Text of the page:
Eucharist and Discipleship
I've started reading Michael Buckley's What Do You Seek? The heart of the book, which I will review at a later date, concerns the questions that Jesus asks of us. As we make our final step toward Christmas, what questions is Jesus asking. The book's title speaks to our moment -- What or whom do you seek? As a Jesuit, Buckley is rooted in the Ignatian tradition that asks adherents to examine themselves.
Being that I'm focused (our congregation as well) on the missional aspects of the Eucharist, I found a paragraph from the book helpful. The chapter reflects on the question Jesus asks his disciples as he washed their feet in John 13. "Do you know what I have done for you?" (vs. 12). That is a good question for us to contemplate as we enter Christmas. What has Jesus done for us? How might we respond? The Eucharist, Holy Communion, is an expression of gratitude. Many will gather on Saturday or Sunday for worship and come to the Table, and receive bread and cup. We might do this with a variety of attitudes. That is between us and God, but could this be a moment of gratitude that leads deeper into discipleship. "What I have done for you?" Jesus asks. Thus, Buckley writes:
This appropriation through the Spirit of what Christ has done and is doing in our lives issues in gratitude -- a life of thanksgiving and of Eucharist: "And from the many gifts You have given us, we offer to You, God of Glory and Majesty, this holy and perfect sacrifice, the bread of life, the cup of eternal salvation." This makes the Eucharist the soul of all following of Christ, of all discipleship and ministry. This is true, not just in the sense that these are all realized in the Eucharist, but that the prevenient grace and gratitude embodied in the Eucharist are the root experience that makes our response possible. All this in some way lies behind Jesus's question to his disciples and to us: "Do you know what I have done to you?" [What Do You Seek?, p. 31]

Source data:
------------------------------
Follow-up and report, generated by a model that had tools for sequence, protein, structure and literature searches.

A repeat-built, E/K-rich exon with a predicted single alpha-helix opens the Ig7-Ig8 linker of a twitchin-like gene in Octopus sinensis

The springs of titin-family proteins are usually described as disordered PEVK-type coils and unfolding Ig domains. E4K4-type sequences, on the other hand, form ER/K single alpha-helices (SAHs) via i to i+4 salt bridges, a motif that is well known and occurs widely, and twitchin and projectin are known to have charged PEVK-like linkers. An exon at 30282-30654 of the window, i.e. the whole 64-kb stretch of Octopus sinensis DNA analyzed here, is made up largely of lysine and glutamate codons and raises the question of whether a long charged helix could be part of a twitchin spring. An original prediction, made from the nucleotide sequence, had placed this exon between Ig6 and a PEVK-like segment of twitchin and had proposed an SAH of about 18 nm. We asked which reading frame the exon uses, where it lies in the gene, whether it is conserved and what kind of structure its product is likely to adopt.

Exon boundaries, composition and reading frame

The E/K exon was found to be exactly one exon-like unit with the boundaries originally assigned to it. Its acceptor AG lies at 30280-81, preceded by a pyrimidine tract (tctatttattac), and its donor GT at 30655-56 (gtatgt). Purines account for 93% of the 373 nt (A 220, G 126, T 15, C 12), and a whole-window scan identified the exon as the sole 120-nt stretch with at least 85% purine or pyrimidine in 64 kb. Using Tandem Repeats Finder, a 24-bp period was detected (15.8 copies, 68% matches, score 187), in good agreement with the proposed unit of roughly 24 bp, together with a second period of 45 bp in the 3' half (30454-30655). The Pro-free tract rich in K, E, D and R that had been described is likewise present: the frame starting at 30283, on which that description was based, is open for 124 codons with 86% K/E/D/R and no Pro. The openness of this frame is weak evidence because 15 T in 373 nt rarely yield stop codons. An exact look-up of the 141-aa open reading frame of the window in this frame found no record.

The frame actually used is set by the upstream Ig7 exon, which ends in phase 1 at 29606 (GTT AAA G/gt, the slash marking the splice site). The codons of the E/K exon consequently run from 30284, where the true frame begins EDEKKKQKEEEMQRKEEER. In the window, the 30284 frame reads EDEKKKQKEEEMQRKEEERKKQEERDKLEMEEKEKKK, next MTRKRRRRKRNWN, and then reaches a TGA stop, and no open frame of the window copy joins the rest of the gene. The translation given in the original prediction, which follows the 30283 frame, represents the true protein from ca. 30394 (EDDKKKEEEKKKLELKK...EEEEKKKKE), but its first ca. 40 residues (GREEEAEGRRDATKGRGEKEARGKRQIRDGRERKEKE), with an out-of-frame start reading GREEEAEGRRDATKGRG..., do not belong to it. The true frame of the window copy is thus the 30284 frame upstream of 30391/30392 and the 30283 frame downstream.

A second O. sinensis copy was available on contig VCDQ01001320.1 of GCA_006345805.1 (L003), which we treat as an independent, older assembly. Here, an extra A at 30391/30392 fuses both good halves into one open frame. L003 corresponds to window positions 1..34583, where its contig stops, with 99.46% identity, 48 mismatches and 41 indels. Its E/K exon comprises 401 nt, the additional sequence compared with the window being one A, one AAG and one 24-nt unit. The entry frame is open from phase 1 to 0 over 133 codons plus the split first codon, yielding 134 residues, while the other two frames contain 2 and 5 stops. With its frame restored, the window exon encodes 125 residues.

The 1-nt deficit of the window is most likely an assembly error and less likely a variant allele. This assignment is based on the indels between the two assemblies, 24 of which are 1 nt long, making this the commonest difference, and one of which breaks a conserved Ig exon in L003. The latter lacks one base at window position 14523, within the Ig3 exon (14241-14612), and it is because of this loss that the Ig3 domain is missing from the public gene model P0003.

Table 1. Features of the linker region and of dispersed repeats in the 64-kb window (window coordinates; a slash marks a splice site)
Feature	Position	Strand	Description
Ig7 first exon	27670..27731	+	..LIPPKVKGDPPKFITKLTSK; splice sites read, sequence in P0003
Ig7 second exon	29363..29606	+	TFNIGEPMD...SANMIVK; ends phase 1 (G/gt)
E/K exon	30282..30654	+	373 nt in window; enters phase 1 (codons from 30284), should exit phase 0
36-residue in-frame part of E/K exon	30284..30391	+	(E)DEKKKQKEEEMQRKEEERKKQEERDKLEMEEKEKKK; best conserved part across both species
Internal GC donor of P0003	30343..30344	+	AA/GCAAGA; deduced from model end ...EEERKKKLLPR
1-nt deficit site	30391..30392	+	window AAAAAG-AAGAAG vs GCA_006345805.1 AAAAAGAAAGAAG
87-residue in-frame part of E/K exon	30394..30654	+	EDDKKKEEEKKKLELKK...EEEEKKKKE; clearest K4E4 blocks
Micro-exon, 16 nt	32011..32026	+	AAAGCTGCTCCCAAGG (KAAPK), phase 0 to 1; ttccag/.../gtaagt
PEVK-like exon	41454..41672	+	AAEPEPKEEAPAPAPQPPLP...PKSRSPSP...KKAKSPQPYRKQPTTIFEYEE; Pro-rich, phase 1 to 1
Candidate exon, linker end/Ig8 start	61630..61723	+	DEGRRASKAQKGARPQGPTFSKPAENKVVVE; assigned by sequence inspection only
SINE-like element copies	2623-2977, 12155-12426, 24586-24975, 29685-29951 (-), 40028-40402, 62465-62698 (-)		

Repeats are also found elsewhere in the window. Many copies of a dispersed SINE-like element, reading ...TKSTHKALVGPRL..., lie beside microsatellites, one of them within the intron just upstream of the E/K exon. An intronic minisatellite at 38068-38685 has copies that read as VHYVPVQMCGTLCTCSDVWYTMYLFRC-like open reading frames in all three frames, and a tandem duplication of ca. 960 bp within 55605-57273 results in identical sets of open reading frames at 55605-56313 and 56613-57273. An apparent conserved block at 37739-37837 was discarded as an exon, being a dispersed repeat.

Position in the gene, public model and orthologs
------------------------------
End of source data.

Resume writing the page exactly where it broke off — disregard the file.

I realize that we're living in turbulent times. The recent election and the transition to a new government is creating deep angst, and need to be vigilant lest injustice prevail. But, if we are to engage the world, as Christians (if we're Christians), our engagement needs to be rooted in what Jesus has done for us. It needs to be rooted in the meal of thanksgiving, which calls upon us to recognize who has touched us and empowered us to engage the world. Merry Christmas!